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WARNING: Get a barf bag. Another POS kitchen knife article. - Page 4
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Thread: WARNING: Get a barf bag. Another POS kitchen knife article.

  1. #31

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    The good thing that you can say about the article and the aforementioned mass market brands is that things like this can possibly steer people away from the Furi knives of the world or worse. There are a lot of knives that fall into the "or worse" category polluting the kitchens of America!! I like to think of products like Global knives as potential "gateway drugs"
    Quote Originally Posted by mr drinky View Post
    Ok, now I finally read the article, but I am going to be the lone dissenting voice on this one I think. I don't think the article was that bad -- and by that I mean barf bad. Sure we could have made it a lot better and there were a few really bad lines, but we geeks also would have made it too technical so that 90% of readers would have given up and not read it. I actually think the title and lead picture are the worst part and the expert knifemaker was not a good representative.

    With that said, the point about food being cut and not torn is valid. No one here would argue that men aren't the biggest knife nuts. The author said not to cut on glass or granite. Simple advice, true, but still a common mistake by the average person. Yes, I get sick of the Shun and Global branded approach, but I just had a home dinner prepared by a very good chef who used a global, and I have also seen chefs like Grant Achatz use a global. A lot of people and even some pros use them. The author acknowledged carbon knives and dared uttered the word 'patina'. Not a bad attempt at expanding the discussion IMO given space and the fact it is still a blog. The author also advised against knife blocks.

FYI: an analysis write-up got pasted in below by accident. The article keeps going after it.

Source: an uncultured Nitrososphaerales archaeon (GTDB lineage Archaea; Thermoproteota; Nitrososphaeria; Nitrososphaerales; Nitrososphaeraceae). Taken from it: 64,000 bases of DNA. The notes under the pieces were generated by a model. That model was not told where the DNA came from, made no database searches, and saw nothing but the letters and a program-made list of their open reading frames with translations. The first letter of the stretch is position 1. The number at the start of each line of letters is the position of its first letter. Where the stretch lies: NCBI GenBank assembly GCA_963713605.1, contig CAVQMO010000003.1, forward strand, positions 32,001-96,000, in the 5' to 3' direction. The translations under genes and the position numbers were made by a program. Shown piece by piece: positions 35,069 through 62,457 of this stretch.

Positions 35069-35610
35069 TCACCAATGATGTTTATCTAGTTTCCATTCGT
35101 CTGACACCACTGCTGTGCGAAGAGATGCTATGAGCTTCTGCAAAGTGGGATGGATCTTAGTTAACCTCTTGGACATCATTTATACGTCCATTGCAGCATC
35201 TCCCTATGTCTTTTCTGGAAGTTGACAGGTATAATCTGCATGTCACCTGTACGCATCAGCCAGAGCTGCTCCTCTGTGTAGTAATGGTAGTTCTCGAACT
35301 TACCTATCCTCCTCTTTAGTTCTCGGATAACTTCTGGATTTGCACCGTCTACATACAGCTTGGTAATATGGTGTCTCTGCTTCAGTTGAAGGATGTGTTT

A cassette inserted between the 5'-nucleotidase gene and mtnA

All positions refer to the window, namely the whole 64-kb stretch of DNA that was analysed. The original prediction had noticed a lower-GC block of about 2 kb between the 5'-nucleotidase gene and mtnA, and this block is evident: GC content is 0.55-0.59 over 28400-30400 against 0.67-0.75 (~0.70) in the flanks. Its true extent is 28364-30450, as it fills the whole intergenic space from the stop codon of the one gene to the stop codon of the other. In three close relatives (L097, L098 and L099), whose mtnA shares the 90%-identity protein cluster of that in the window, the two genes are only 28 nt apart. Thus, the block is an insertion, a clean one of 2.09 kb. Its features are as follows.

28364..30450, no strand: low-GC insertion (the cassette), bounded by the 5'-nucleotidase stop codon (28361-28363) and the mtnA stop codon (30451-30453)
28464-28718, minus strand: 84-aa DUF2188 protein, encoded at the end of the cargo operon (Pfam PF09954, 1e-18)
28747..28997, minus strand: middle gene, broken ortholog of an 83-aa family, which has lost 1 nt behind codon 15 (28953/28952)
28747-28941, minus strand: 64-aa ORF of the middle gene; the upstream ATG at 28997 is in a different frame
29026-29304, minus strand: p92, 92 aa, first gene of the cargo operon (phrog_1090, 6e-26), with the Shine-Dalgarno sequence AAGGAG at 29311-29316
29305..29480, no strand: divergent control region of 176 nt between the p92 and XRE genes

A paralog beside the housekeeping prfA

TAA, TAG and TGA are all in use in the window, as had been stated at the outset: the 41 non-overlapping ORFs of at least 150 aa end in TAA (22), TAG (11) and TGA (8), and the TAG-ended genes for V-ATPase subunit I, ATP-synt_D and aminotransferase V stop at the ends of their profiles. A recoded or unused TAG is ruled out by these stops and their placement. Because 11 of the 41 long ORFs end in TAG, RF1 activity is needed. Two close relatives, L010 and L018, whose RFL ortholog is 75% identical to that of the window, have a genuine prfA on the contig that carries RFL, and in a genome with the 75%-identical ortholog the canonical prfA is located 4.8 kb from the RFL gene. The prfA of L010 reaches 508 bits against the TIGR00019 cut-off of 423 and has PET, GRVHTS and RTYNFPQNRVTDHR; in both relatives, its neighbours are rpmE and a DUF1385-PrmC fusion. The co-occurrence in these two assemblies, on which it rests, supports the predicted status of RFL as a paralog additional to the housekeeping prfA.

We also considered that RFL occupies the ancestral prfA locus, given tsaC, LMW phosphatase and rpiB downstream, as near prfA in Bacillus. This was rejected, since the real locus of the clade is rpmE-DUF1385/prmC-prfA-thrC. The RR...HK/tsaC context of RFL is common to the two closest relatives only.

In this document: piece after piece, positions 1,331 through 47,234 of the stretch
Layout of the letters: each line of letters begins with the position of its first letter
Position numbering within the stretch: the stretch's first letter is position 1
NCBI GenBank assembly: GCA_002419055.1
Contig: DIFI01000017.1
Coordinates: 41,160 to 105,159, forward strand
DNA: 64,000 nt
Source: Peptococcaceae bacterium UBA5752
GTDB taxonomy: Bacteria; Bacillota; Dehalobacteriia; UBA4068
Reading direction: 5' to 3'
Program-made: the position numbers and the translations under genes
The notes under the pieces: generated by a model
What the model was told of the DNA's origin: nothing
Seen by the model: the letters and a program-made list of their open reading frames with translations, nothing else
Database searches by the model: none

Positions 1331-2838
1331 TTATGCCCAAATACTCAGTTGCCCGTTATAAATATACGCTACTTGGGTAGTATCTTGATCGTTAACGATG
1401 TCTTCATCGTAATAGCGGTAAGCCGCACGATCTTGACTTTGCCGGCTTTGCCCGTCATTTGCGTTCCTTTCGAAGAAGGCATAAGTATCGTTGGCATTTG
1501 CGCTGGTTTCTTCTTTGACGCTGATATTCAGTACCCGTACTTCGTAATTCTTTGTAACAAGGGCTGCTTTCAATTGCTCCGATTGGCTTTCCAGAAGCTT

Anyhow, that is my 2 cents. I studied economics and I often find crap in articles about the economy and flat out mistakes. My wife is a doctor and she often reads articles about medicine with errors. Every specialist can poke holes in print (and especially e-print) articles. They have limitations in space, editors, and need to think about the end reader.

    Just being the devil's (dull) advocate here, and I admit that the article didn't make me barf. Only a little bit of barf came up the throat and gave me that bad taste in the mouth

    k.

  2. #32
    Senior Member Justin0505's Avatar
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    Yeah, I also finally read the article and am just mildly naucious. I reads like someone with no knife knowledge at all interviewed a few people, took tons of notes and then tried to condense the notes onto an article without ever really gaining a firm personal grasp or the topic or understanding g all of the interview's content.

    I'm actually quite surprised that she included as little goofy or wrong info as she did and and even managed to hit a few important points:

    -while different types / styles of knives rise and fall in popularity, the most important thing is to match the knife to the user and to the task.

    -Don't buy sets of knives; pick each individually

    -good knives are an heirlom investment

    -cutting board material and knife care and storage are important

    -consider shopping for knives at a store where the salesman might have at least a little more knowledge than wallmart or a department store

    -Carbon is for more that just your grandparents; the most expensive knife at SLT is carbon, so there must be something to it.

    -While she didn't do so well at listing all of the non-major brands or custom makers, she did mention that lots if options exist.

    The article didn't cover all the bases or connect all the dots, but I think that it gave the totally ignorant but interested consumer / unrealized knife knut, some food for thought and a place to start. Hopeful it will inspire some Googling that will eventually lead them here where they will be received with more excitement and acceptance than the article was.

  3. #33
    shiza... that article gave me a headache. It also made me realize I need a wustof to cut chicken... damn.

  4. #34
    Quote Originally Posted by mr drinky View Post